Nurses Can Lead the Management of GI Toxicities

Video

Nurses can lead the healthcare team when it comes to managing immune-related GI toxicities.

Gastrointestinal (GI) toxicities are common for patients taking immunotherapy agents, and nurses can be key in managing these adverse events, explained Marianne Davis, DNP, ACNP, AOCNP, associate professor at Yale School of Nursing and oncology nurse practitioner at Smilow Cancer Hospital at Yale New Haven.

TRANSCRIPTION

One of the most common immune-related adverse events might be diarrhea or colitis for patients. Nurses need to be able to assess the patient for what their standard bowel pattern is. So the nurse has a lot of contact with the patient, so understanding what their pattern is, are they on other medications that might influence the bowel pattern, that will help really provide that objective and subjective data that we need to help grade the colitis.

We then look at the nurse's assessment of patients' other medications [and] co-morbid medical conditions. The nurses are very involved in counseling patients about other medications that might influence this toxicity, dietary patterns. And then also empowering the nurse to encourage the patient in terms of hydration and dietary modifications and supportive care interventions that can help manage the toxicity is really important.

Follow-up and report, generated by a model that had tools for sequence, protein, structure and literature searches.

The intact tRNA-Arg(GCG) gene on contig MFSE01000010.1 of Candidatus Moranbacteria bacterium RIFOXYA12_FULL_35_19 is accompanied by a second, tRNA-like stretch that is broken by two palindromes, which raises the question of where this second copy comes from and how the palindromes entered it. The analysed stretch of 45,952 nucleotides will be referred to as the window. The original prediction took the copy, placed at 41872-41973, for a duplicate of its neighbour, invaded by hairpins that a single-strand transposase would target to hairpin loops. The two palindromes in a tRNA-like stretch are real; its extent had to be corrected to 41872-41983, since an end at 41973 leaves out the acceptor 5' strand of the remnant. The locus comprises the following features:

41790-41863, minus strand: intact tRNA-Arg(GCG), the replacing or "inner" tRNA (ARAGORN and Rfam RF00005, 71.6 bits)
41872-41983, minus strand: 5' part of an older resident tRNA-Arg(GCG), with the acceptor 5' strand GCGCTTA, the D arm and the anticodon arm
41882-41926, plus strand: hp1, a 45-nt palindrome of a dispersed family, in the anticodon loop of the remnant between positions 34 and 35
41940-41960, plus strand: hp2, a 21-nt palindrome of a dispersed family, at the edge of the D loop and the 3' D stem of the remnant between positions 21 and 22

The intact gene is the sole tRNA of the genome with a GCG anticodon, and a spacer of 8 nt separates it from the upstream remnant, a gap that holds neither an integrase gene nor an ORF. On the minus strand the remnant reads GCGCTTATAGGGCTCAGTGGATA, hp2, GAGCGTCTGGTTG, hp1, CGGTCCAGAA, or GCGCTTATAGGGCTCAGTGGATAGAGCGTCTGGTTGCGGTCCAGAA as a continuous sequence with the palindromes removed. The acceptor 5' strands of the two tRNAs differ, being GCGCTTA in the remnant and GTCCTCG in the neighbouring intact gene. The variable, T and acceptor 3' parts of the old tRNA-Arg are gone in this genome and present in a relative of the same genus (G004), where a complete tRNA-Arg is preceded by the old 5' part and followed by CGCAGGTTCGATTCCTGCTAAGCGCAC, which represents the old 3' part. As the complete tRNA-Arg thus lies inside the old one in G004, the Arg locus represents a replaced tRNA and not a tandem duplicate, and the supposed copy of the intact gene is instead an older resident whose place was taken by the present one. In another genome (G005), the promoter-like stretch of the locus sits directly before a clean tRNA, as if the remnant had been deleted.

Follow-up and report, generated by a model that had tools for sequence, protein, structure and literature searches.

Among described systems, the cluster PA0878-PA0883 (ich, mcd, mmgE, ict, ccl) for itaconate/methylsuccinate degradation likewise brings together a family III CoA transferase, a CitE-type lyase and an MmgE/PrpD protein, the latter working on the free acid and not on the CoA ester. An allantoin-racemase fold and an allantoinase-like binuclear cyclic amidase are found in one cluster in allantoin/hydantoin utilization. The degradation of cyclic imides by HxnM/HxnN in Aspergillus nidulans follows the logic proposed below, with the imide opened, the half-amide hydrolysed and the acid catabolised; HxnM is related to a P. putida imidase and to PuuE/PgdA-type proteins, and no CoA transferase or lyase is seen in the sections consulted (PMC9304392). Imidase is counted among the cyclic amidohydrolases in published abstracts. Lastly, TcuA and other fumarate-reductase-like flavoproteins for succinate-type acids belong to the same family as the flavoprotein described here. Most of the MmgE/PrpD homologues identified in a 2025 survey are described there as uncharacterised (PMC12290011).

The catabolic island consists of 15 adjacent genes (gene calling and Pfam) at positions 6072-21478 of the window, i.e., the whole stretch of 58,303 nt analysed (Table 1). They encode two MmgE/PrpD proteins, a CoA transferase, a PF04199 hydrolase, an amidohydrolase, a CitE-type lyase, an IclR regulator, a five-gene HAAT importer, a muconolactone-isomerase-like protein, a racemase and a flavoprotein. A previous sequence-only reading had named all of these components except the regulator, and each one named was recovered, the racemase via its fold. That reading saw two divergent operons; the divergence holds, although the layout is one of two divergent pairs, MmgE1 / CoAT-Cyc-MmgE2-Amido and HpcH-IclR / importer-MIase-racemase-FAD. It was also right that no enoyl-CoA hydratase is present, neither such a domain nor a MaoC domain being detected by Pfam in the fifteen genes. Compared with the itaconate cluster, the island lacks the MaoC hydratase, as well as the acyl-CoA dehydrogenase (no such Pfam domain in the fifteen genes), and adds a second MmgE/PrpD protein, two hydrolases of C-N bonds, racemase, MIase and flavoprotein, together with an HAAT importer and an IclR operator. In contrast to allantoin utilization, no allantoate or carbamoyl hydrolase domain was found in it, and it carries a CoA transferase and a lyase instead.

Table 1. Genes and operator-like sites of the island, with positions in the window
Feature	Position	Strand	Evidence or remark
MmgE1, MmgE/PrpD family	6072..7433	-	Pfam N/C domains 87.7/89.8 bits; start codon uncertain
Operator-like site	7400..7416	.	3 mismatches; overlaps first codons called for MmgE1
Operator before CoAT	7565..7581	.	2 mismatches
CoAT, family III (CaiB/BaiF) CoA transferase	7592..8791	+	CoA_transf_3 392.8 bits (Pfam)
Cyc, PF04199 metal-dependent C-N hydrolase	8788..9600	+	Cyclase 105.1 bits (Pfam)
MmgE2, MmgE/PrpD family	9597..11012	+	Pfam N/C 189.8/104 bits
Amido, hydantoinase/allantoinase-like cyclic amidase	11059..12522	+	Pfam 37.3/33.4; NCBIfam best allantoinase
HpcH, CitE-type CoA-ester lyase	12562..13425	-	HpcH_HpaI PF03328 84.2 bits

The nurse really looks at the patient holistically, and can help really relay that symptom profile to other members of the healthcare team, and then also work with other members of the healthcare team to provide interventions that can successfully manage the toxicity for patients.

Related Videos
Colleen O’Leary, DNP, RN, AOCNS, EBP-C, LSSYB, in an interview with Oncology Nursing News.
Michelle H. Johann, DNP, RN, PHN, CPAN, WTA, in an interview with Oncology Nursing News explaining surgical path cards
Jessica MacIntyre, DNP, MBA, APRN, NP-C, AOCNP, in an interview with Oncology Nursing News
Andrea Wagner, M.S.N., RN, OCN, in an interview with Oncology Nursing News discussing her abstract on verbal orders for CRS.
John Rodriguez in an interview with Oncology Nursing News discussing his abstract on reducing nurse burnout
Alison Tray, of Hartford Healthcare, discusses her team's research on a multidisciplinary team approach to manage the cancer drug shortage
Cancer-Related Cognitive Impairment
Related Content
© 2024 MJH Life Sciences

All rights reserved.